Certain misdemeanors are not eligible for consideration for an order of nondisclosure, mostly intoxication related offenses, which include any misdemeanors under the:

  • Alcoholic Beverage Code §106.041 (possession and/or consumption of or selling alcohol to minors); or,
  • Penal Code § 49.04(d) (driving while intoxicated .15 or higher);
  • 49.05 (flying while intoxicated);
  • 49.06 (boating while intoxicated); or,
  • 49.065 (operating an amusement park ride while intoxicated).

Additionally, any conviction under Chapter 71 of the penal code (engaging in organized criminal activity) may not be non-disclosed.

Furthermore, a person will not be granted an order of nondisclosure and is not eligible to petition the court if the person has previously been convicted or placed on deferred adjudication probation for:

  • an offense requiring sex offender registration;
  • murder;
  • capital murder;
  • aggravated kidnapping;
  • trafficking/continuous trafficking of persons;
  • abandoning or endangering a child;
  • violation/repeated violation of certain court orders or conditions of bond in a family violence, sexual assault or abuse, stalking, or trafficking case;
  • stalking; or
  • any other offense involving family violence.

Results of HB 3016 and the New Non-Disclosure Law

HB 3016 makes it easier for persons with certain low-level nonviolent offenses, particularly DWI’s, to obtain employment and become productive members of society. However, subsequent offenders will remain accountable because law enforcement may still use the “sealed” conviction against subsequent offenses and certain entities will still be able to view the offense.

Contact our Criminal Defense Team Today to See if You Qualify to Have Your Record Sealed Under this Law

Contact Barnett Howard & Williams today and let our team help you determine whether you may be eligible for a non-disclosure under this law when it takes effect in September 2017. We are happy to provide a free consultation to walk you through the steps for sealing your record.  Call our attorney today at (817) 993-9249.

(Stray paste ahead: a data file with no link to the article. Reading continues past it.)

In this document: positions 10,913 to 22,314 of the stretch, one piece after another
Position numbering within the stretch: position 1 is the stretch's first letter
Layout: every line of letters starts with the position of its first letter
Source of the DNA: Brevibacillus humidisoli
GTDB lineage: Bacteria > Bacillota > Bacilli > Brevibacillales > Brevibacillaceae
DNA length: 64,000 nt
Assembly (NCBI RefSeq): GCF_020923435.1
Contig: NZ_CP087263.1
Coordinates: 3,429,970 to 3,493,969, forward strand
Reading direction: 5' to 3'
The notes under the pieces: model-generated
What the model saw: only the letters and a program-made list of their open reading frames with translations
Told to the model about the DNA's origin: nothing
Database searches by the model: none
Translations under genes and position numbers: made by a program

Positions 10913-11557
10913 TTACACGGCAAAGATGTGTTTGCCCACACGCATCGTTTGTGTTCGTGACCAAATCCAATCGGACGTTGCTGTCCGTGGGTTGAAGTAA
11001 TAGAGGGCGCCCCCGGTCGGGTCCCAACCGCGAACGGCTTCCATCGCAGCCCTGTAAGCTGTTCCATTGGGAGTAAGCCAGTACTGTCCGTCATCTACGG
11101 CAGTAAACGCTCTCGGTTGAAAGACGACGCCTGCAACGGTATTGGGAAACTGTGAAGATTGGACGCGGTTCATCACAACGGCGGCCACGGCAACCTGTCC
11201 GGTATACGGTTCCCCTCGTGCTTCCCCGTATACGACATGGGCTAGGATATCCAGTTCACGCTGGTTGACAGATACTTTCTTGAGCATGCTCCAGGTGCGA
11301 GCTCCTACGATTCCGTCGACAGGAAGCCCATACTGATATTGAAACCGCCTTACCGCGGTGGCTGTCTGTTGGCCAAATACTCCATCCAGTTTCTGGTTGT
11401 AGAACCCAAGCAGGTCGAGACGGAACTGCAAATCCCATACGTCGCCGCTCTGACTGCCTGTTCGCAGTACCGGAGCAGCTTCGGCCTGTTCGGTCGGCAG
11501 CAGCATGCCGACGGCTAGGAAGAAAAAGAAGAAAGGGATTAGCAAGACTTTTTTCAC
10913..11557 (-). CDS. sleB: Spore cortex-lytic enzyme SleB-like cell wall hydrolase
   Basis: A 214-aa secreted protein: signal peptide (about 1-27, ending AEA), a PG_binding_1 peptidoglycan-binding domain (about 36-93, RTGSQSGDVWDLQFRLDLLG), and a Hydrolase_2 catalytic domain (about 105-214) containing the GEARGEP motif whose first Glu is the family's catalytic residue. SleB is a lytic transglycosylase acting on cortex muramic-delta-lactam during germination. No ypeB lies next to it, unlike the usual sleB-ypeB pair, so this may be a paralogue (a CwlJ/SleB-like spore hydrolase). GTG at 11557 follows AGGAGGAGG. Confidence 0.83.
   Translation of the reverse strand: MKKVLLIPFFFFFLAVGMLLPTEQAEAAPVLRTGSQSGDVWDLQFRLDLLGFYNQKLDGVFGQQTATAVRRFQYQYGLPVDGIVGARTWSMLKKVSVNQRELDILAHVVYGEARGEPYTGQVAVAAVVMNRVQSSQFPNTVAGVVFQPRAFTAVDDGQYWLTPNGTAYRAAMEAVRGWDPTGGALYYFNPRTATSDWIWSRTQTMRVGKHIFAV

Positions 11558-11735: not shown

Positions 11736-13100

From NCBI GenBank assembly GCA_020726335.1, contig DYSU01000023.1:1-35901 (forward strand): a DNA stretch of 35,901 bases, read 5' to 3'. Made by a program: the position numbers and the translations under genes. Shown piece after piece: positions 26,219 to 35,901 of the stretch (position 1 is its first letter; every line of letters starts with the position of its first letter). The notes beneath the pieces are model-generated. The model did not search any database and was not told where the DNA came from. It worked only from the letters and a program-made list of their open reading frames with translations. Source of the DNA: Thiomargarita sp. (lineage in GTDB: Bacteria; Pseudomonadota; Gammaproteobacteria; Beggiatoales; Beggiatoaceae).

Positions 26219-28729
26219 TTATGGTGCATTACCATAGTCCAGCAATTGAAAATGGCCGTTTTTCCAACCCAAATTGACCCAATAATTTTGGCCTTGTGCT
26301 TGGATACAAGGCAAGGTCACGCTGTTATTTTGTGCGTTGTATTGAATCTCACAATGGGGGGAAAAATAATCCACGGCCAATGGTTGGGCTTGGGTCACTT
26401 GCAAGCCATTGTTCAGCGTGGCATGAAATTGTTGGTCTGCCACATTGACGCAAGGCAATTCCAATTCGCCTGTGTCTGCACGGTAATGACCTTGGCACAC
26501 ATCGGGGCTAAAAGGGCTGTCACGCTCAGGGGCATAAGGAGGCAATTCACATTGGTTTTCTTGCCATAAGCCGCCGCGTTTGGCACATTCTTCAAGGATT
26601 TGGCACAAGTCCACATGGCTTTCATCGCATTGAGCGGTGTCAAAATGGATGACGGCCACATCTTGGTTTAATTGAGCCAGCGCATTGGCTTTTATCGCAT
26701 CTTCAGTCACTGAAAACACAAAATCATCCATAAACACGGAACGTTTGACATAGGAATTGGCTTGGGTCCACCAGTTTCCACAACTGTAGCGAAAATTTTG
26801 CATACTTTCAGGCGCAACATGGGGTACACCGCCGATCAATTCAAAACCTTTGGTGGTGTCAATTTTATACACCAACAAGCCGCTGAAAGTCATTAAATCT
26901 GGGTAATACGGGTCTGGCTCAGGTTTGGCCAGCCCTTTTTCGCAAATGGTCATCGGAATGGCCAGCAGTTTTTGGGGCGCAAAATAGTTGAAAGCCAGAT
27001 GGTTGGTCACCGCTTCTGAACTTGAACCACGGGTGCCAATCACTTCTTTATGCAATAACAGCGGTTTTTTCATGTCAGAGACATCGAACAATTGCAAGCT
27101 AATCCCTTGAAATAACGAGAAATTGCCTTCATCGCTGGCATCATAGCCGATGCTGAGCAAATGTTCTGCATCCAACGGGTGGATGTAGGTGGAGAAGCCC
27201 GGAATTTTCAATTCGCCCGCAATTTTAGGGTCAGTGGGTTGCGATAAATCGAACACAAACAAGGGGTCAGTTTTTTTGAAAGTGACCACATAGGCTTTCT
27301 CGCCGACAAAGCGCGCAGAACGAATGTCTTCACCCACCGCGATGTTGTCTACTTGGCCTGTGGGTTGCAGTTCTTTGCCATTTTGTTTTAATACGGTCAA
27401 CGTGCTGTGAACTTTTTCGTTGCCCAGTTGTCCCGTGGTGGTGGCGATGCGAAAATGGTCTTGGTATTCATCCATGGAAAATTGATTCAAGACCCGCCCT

Criminally Negligent Homicide Auto Accident Texas Queeman

Auto Accident Turned Homicide Conviction Reversed by CCA

By | Criminal Negligence | No Comments

Does Failure to Control Speed and Keep a Proper Distance from other Vehicles Prove a Gross Deviation from the Standard of Care that an Ordinary Driver Would Exercise Under the Circumstances?

Criminally Negligent Homicide Auto Accident Texas QueemanThe Court of Criminal Appeals recently handed down an opinion in Queeman v State regarding criminally negligent homicide. The issue facing the court was whether a death, which was caused by Appellant’s failure to control the speed of his vehicle and failure to maintain a proper distance from another vehicle, proves a gross deviation from the standard of care amounting to criminally negligent homicide.

Trial Court Found Appellant Guilty of Criminally Negligent Homicide.

Appellant was traveling down a two-lane highway when he drove into the back of an SUV that was waiting to make a left turn onto an intersecting road. The impact caused the SUV to be pushed into oncoming traffic where it was subsequently hit, killing one of the passengers. The accident investigator could not determine Appellant’s actual speed, and there was no other evidence to suggest a reason for his inattentiveness. However, Appellant was charged and convicted of criminally negligent homicide and sentenced to eighteen months in a state jail facility.

The Court of Appeals Reversed the Conviction, Holding that the Evidence was Legally Insufficient to Support the Conviction.

On appeal, Appellant challenged the sufficiency of the evidence from which his conviction was based upon. The accident investigator admitted that he had no way of knowing Appellants actual speed, nor did he know the amount of time or reason the Appellant was inattentive. The court of appeals determined that the evidence at hand provided no reasonable basis for the jury to prove that Appellant was traveling at excessively high speeds or was distracted for a certain reason—such as texting. As such, an inference would only amount to mere speculation. Therefore, the Court of Appeals reversed the trial courts decision.

The Court of Criminal Appeals Affirmed the Court of Appeals’ Decision—Holding the Evidence did not demonstrate that Appellant’s conduct rose to the Level of “Criminal Negligence.”

To demonstrate that Appellant was criminally negligent, the State must prove:

  • The defendant’s conduct caused the death of the individual;
  • The defendant should have been aware that there was a substantial and unjustifiable risk of death from his conduct; and,
  • The defendant’s failure to perceive such risk constituted a gross deviation from the standard of care and ordinary person would have exercised under similar circumstances.

However, the Court notes that the amount of carelessness for criminally negligent homicide is much higher than for civil negligence. Here, the Court agreed that Appellant’s conduct was negligent, however it held that the conduct did not rise to gross negligence. While the evidence was sufficient to prove that the defendant was speeding, it was not sufficient to prove that he was excessively speeding, and the State presented no evidence concerning the reason or length of time for which Appellant was inattentive. Absent any other evidence to show a failure to perceive a substantial and unjustifiable risk caused by the defendant’s conduct, no reasonable jury could have found that Appellant’s conduct constituted a gross deviation from the standard of care of an ordinary person under the circumstances. Therefore, the Court of Criminal Appeals affirmed Appellant’s acquittal.